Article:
Telkom Kenya is banking on revamping its data business and new technologies to stay afloat after failing to grow its voice segment.
The telco has restructured its business into two segments headed by managing directors in the wake of the failed merger with Airtel Kenya.
Telkom Consumer will be headed by Steve Okeyo and will handle data and financial services, while Kris Senanu is the new managing director Telkom Digital, which will look at new technologies such as the Internet of Things (IoT), cloud, big data and analytics. Mugo Kibati (pictured above) remains Telkom Kenya Chief Executive.
“We have seen a shift in global consumer trends and the Covid-19 pandemic has accelerated the digital transformation that was inevitable,” said Mr Kibati yesterday.
“Given our vast infrastructure asset base, terrestrial fibre and our 4G network, we are confident in this new direction,” he added.
The new strategy will see the telco enter new market segments, including the lucrative fibre internet to homes.
The move comes after years of struggle to attract new subscribers in the voice and fixed-line segments that were previously its bread and butter. In the recent past, the telco has been losing its voice market share, sliding to 5.8 per cent as of March 2020.
Kibati, however, said the firm has no plans to divest from the traditional revenue streams, although the new focus will largely be in ramping up the digital offering.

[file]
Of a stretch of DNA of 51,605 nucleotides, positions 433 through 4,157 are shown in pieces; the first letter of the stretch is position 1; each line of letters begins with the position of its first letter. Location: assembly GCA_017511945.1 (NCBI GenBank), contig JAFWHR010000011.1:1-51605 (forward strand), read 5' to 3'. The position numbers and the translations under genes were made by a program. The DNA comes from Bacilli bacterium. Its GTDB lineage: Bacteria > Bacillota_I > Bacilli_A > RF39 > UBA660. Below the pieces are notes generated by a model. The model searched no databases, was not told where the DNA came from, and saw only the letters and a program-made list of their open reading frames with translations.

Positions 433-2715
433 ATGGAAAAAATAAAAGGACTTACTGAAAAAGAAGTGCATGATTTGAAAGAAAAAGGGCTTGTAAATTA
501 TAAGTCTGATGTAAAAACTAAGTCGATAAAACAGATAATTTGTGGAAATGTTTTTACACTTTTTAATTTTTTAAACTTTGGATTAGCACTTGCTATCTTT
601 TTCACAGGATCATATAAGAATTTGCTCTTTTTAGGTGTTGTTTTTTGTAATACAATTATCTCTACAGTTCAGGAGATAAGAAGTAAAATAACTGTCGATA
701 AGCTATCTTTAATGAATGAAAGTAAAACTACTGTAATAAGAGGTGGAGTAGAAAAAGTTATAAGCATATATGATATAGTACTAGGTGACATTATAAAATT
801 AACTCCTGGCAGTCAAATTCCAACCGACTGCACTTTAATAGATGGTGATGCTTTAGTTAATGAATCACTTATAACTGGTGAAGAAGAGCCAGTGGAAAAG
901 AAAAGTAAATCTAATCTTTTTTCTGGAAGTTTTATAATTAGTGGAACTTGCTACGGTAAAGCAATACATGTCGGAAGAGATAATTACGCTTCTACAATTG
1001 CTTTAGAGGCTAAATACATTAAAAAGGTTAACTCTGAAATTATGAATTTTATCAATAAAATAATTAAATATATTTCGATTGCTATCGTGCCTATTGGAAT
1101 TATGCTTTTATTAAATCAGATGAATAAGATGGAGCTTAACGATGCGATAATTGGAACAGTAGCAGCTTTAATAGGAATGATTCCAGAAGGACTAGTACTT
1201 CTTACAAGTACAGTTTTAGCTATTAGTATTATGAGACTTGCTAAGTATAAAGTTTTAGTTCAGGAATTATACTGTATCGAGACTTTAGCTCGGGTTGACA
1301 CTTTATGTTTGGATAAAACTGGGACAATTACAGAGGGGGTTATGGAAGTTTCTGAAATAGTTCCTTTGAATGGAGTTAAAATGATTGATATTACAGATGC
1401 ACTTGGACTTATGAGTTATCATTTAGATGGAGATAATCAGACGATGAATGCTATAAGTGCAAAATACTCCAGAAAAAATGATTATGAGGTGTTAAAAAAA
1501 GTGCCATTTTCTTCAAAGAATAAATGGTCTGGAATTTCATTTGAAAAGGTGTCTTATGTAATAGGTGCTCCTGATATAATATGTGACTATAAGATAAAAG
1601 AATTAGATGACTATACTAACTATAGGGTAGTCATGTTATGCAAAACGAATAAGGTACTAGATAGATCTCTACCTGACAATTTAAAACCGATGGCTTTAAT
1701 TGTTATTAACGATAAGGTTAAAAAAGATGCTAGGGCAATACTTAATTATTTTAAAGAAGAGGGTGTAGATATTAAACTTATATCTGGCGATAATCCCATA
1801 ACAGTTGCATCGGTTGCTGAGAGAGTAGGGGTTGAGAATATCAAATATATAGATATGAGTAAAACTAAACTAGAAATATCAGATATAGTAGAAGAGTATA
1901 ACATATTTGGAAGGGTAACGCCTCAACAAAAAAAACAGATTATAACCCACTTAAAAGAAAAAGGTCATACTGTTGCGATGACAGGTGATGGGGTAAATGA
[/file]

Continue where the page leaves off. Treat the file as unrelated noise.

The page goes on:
“This digital transformation is particularly important within the telecommunications sector, creating an increased demand for broadband, connectivity and digital platforms by the individual consumer, corporates and the public sector,” he said.
Despite controlling massive data infrastructure, the company has struggled to grow its market share in fixed data past 0.8 per cent. Wananchi, Safaricom and Jamii control the market segment.
Telkom further said no employees will be laid off as a result of the reorganisation.
Last year, the company had said it would let go 600 employees as a result of the merger discussions with Airtel that would have resulted in a new business entity.
The new strategy outlay comes at a time Telkom Kenya is struggling to hang on to its subscriber base and breathe new life in into its fledgeling mobile money offering T-Kash.
Data from the latest sector report from the Communications Authority of Kenya (CA) indicates Telkom closed down more than 500 T-Kash agent outlets in the first three months of this year.
At the same time, the number of T-Kash subscribers further reduced 30 per cent from 19,607 last year to 13,333 this year, shrinking its market share in the sector to just 0.05 per cent.
The firm did not comment on the cost of the turnaround strategy and whether shareholders Helios Investment Partners and the Kenyan government through the National Treasury would pump in more capital.